Hey there, time traveller! This article was published 13/1/2013 (1713 days ago), so information in it may no longer be current.
A team that misses the Stanley Cup playoffs by eight points ought to tread very carefully when it considers the future with the status quo.
The Winnipeg Jets have walked a fine line there.
They don't have a lot of turnover from their 2011-12 roster but hope that some of the changes they've made will be in impact areas.
For starters, the Jets have added depth and experience to their coaching staff. Perry Pearn can now say he's been an assistant coach of Jets 1.0 and 2.0.
The two other most significant changes in terms of names are at forward as GM Kevin Cheveldayoff has signed centre Olli Jokinen, 34, and left-winger Alexei Ponikarovsky, 32.
Both bring size and mobility. Jokinen has turned himself into more of a committed two-way player without a drastic subtraction of offence. In fact, his numbers have risen two years in a row.
Ponikarovsky, 636 games into his NHL career, is now playing for his sixth team and his wealth of experience includes a trip to last spring's Cup final.
"I think it's the one thing we've got going for us," Jets head coach Claude Noel said Sunday. "Last year I stood up here and said there were going to be some adjustments coming here — third coach in four years for some of them, different location, different schools, a whole different scenario for everybody.
"Our turnover has been minimal and they know what to expect from the fans, the city, the coach. There's not a lot of changes, some, a little bit, but not a lot."
Ponikarovsky said during Sunday's first day of training camp that some integration has to be on the to-do list, but it's not that complicated.
"I have to learn from scratch but I know what type of hockey this team plays," he said. "It's north-south. Aggressively. And you have to be responsible defensively right now."
Having spent 32 games (five goals, 18 points) with HC Donbass, the KHL team based in Donetsk, Ukraine, during the lockout, Ponikarovsky hopes that some of that newness will be offset by his game sharpness and conditioning heading into this shortened NHL season.
And that the NHL is not that diverse in terms of method.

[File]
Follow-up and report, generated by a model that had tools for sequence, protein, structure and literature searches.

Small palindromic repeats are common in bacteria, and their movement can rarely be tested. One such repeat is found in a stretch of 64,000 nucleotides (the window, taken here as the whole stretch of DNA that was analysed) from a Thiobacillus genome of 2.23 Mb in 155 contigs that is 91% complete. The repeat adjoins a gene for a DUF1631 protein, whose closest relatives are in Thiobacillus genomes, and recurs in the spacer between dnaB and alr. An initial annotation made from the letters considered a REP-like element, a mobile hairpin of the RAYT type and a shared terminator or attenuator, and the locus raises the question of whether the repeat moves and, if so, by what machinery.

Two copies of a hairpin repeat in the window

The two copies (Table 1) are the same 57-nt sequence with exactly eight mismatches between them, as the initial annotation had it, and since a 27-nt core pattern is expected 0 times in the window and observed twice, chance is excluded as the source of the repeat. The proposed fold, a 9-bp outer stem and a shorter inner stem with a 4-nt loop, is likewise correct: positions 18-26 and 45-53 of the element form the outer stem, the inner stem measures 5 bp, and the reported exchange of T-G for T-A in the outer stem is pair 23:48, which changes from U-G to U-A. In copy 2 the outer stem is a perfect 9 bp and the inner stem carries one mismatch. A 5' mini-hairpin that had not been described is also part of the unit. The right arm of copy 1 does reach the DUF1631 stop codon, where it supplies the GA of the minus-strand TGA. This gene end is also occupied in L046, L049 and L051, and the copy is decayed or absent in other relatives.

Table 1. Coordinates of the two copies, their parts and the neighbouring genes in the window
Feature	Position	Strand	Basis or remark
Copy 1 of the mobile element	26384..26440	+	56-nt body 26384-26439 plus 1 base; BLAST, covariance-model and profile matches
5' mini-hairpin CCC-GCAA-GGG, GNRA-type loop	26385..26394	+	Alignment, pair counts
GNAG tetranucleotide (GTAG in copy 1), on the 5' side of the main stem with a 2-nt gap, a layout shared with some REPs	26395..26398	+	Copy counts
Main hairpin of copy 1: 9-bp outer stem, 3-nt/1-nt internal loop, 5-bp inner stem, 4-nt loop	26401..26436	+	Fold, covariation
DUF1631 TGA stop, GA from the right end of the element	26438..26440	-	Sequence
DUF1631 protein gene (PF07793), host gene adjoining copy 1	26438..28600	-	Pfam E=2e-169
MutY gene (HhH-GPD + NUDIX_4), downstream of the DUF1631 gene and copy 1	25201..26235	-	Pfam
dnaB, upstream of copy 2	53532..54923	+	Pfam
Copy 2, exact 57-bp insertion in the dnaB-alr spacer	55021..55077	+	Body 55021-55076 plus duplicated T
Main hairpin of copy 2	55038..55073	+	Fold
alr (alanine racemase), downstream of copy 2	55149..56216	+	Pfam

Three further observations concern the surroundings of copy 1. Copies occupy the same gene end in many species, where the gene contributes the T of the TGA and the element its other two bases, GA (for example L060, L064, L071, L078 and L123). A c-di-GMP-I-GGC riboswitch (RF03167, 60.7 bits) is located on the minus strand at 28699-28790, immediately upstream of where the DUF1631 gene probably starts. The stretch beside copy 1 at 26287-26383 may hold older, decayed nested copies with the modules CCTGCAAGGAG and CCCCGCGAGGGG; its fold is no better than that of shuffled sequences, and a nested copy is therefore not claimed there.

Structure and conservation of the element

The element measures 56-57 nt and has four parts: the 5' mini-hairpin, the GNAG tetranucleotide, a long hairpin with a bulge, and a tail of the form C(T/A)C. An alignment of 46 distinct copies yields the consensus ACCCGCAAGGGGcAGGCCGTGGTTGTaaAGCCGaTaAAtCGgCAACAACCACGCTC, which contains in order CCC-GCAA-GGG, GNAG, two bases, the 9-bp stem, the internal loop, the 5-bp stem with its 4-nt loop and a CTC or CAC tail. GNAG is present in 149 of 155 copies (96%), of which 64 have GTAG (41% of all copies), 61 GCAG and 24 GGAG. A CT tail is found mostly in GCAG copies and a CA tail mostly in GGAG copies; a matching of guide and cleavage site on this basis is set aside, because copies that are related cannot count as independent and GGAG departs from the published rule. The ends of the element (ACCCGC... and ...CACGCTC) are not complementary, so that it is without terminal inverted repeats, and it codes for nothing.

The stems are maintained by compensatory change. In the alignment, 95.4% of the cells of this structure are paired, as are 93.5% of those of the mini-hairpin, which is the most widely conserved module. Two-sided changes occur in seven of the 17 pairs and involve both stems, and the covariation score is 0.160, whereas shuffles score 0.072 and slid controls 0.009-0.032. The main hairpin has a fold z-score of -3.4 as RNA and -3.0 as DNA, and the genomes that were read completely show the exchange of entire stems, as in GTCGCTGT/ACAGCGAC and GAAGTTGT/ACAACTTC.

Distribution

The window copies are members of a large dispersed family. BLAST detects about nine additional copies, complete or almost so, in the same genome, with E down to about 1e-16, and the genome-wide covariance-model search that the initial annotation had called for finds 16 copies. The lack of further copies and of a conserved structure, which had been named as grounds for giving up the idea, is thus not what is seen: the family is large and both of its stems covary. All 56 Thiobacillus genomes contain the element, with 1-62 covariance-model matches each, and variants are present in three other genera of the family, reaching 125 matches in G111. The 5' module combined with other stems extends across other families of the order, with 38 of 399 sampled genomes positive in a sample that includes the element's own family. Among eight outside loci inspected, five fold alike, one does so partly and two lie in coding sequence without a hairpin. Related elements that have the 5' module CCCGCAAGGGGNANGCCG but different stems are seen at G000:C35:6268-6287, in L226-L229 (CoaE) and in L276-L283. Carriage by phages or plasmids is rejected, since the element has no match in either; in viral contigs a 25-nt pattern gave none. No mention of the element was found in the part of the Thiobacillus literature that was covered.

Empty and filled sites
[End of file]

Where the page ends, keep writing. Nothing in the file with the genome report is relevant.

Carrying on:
"The whole league, every team I've been on, it's the same kind of mentality," Ponikarovsky said. "Everybody wants to win, everybody's pushing for it and everybody wants to get the best of you on the ice every game.
"I have to bring it on and fit with the team. All those little things are going to add up. But the most important thing will be work ethic."
Beyond known quantities, the Jets also have a few other pending changes that are less-known after one day of camp.
The team today has places for two or three defencemen, among them Paul Postma, Zach Redmond and Derek Meech, all of whom have been playing for the AHL's St. John's IceCaps.
Up front, junior-aged Mark Scheifele is back for a second crack at a full-time spot on the roster, while Spencer Machacek, who finished the season well here last year, and Maxime Macenauer — who also played half a season with the IceCaps — are trying to force their way into the lineup.
Macenauer, 24, has 29 games of NHL experience, having played last season with the Anaheim Ducks.
"Speed is a big part of my game," he said Sunday. "I'm a good two-way guy who is reliable defensively and can bring some offence as well.
"Since I've played pro that's been my main point, my versatility. Since I've turned pro I've really worked on my defence."
Meech's return to health gives the Jets their Winnipeg element, at least for camp.
His 2011-12 was marked by serious injury (knees) that limited him to 23 games.
What can he add?
"Just to be consistent defensively," Meech said. "If you can't be trusted to be out there defensively in your end, you're not any good to anybody. That's my first priority."